The Financial Services Authority has found a significant improvement in Key Features Documents since September 2007 when it challenged firms to improve.
In 2007 a review of a sample of 200 KFDs and Simplified Prospectuses found that only 15% were likely to be effective, and 35% were ineffective because of a range of deficiencies.
The remaining 50%, although meeting the detail of the rules, were not readily understandable due to a mix of poor design, structure and content. They were therefore unlikely to meet the FSA’s Principles for Business.
The FSA challenged all firms to make significant improvements to these documents by the end of 2008.
In that time the regulator worked with firms and with trade associations to spread good practice and highlight areas for improvement.
In January and February 2009 the FSA re-assessed all the documents in the worst part of the original sample, and also a selection of others.
It found over two thirds of these have shown some significant improvements. The majority of the documents in the sample which did not make sufficient improvements are produced by asset managers.
Andrew Sykes, head of retail investments policy at the FSA, says:“We are pleased to report that, as a result of our work over the last year, and firms’ own efforts, we have seen a marked improvement in the quality of product disclosure. This proves that clear, effective documents can be produced as a helpful aid for consumers.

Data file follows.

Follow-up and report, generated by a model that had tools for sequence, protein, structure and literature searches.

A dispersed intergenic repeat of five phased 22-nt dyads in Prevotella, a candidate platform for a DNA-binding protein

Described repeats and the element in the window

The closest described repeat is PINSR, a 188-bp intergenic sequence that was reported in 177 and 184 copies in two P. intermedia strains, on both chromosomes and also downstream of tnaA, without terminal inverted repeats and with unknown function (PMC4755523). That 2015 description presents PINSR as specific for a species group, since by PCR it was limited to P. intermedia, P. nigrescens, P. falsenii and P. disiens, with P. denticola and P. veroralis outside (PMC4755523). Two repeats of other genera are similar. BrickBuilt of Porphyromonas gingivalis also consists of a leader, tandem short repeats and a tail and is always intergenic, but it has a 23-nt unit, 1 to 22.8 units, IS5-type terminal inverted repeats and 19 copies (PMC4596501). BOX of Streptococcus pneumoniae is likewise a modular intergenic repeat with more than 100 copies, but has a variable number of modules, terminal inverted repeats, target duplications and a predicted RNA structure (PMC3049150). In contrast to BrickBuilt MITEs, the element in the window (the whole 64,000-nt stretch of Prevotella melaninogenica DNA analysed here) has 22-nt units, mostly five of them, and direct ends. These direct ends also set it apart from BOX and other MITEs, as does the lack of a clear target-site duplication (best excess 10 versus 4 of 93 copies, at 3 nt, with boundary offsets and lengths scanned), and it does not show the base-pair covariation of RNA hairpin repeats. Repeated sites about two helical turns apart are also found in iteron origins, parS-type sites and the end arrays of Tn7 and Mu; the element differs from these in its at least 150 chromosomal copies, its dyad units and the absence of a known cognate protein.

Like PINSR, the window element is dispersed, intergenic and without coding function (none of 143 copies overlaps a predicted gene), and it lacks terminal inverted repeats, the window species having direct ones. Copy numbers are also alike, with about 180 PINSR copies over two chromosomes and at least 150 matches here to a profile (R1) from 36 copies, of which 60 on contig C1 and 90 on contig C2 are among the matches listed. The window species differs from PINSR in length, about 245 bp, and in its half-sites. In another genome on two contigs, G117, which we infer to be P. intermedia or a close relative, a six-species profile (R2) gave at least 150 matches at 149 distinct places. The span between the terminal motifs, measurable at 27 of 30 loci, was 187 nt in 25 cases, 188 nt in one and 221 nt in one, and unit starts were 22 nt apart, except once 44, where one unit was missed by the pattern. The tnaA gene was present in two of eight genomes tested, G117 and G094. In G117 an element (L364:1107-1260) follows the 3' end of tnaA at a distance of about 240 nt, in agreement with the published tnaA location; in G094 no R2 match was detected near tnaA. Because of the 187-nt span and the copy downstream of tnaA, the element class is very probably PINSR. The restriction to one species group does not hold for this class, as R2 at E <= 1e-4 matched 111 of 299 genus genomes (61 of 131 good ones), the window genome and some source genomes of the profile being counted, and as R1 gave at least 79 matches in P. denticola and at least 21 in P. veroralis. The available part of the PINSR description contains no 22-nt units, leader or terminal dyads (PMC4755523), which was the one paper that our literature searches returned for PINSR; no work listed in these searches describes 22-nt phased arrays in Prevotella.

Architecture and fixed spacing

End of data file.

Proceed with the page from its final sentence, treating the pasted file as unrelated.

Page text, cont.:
“The challenge for firms now will be to ensure that this is a sustained improvement and that the lessons from this exercise are applied across all communications.
“We will maintain our focus on the quality of disclosure and will take appropriate action to follow up with those firms that have not achieved the standards we expect. In particular we expect to have some tough conversations with some asset managers.”
Specifically the FSA will publish an update to the good and poor practice report next month. As an aid to firms it will provide more information on the findings and identify common themes and pitfalls, as well as some of the additional good practice examples;
Follow up with firms who produce KFDs and Simplified Prospectuses that are still not up to the standard expected and maintain its attention on the quality of product disclosure with a view to re-assessing another sample in 2010.